Keeping track of multiple repositories is hard. Especially when it comes to the handling of outdated dependencies.
If you work with node.js you most likely have experienced the "fun" of updating dependencies. It even get worse if you don't do this regularly because then you are some major versions behind the latest one and the work to get your code base adjusted to those changes piles up.
Why should I update dependencies anyway?
If your application runs, it runs - right? Why should you do the hassle and add additional effort in updating dependencies with features you might not need?
For the sake of security of course. Even if the top level dependencies don't have a security vulnerability, one of their sub-dependency could have one. That why it's so important to keep everything up to date.
It's also part of the OWASP Top 10 of Web Application Security Risks: A9:2017-Using Components with Known Vulnerabilities
Automate all the things
If you are a github user, you might have already heard of services like Greenkeeper, Snyk, Dependabot or Renovate. Those are all dedicated to keep dependencies up to date which is nice and you should enable them.
But if you work in a medium size/enterprise company it's very likely that you have to use an internally hosted Github/Gitlab version where those services are not allowed or accessible ... except Renovate 🚀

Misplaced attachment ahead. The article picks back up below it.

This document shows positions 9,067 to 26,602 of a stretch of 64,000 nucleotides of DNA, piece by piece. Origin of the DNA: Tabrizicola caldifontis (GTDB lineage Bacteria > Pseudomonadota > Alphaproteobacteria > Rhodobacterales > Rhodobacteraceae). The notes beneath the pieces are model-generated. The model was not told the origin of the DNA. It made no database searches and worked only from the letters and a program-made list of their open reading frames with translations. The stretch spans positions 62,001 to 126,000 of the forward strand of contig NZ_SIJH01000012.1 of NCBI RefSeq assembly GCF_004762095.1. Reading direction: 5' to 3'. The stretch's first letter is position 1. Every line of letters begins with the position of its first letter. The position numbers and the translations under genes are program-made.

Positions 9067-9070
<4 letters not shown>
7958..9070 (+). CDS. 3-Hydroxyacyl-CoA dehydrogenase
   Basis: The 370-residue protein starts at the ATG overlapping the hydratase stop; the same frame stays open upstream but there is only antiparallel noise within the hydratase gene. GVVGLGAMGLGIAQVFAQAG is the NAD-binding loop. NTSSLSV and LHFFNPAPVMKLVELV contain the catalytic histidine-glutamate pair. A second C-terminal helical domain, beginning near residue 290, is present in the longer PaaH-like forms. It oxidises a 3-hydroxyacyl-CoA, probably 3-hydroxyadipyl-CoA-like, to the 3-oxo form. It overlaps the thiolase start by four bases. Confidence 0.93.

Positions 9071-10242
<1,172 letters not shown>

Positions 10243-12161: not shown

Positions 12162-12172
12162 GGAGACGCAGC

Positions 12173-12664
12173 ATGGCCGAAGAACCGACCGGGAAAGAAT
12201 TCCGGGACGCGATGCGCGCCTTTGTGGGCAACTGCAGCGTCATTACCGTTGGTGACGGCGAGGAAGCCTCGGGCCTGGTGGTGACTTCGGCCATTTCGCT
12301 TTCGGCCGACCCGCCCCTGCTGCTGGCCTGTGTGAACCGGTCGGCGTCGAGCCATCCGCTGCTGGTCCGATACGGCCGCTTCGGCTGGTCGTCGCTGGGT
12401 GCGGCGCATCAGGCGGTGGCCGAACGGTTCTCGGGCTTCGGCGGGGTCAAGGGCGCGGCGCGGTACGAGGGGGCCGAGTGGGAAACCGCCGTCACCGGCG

Renovate provides a Docker image which you can run inside the company CI/CD infrastructure.
At ShareNow we use a hosted Gitlab instance and the CI feature which makes it the perfect candidate for a Renovate integration.
Since Renovate is also published as executable npm module I decided to use this instead of the Docker image. We now have a separate Repository with a configuration file for Renovate an a CI configuration which looks like this:
In Gitlab it's possible to define schedules for pipelines. I created one to run every day at 4am on do the Renovate dependency check:
This works pretty well and we already merged more than 2200 merge requests across 37 projects 🚀
With great power comes great responsibility
Using a tool like Renovate requires a trust beforehand because this will have read and write access to your precious repositories. That's why I reviewed the renovate source code before I introduced it to our projects and it's also being used by some other popular companies (like Ghost) which adds also up on the trust bucket.
And the other risk is to have automated dependency updates of malicious code. That could also happen if someone is able to push malware in a formerly trusted dependency.
Whats next? More automation!
Currently it's parts of my morning routine to check the list of merge requests and merge them then. The problem is, that those merged dependencies got merged into master and then have to wait until someone creates a new release of that services.
My next goal might be to introduce semantic versioning which would allow automatic releases for all minor and patch versions where the pipeline succeeds and nothing breaks. But I'm still having some security concerns about that.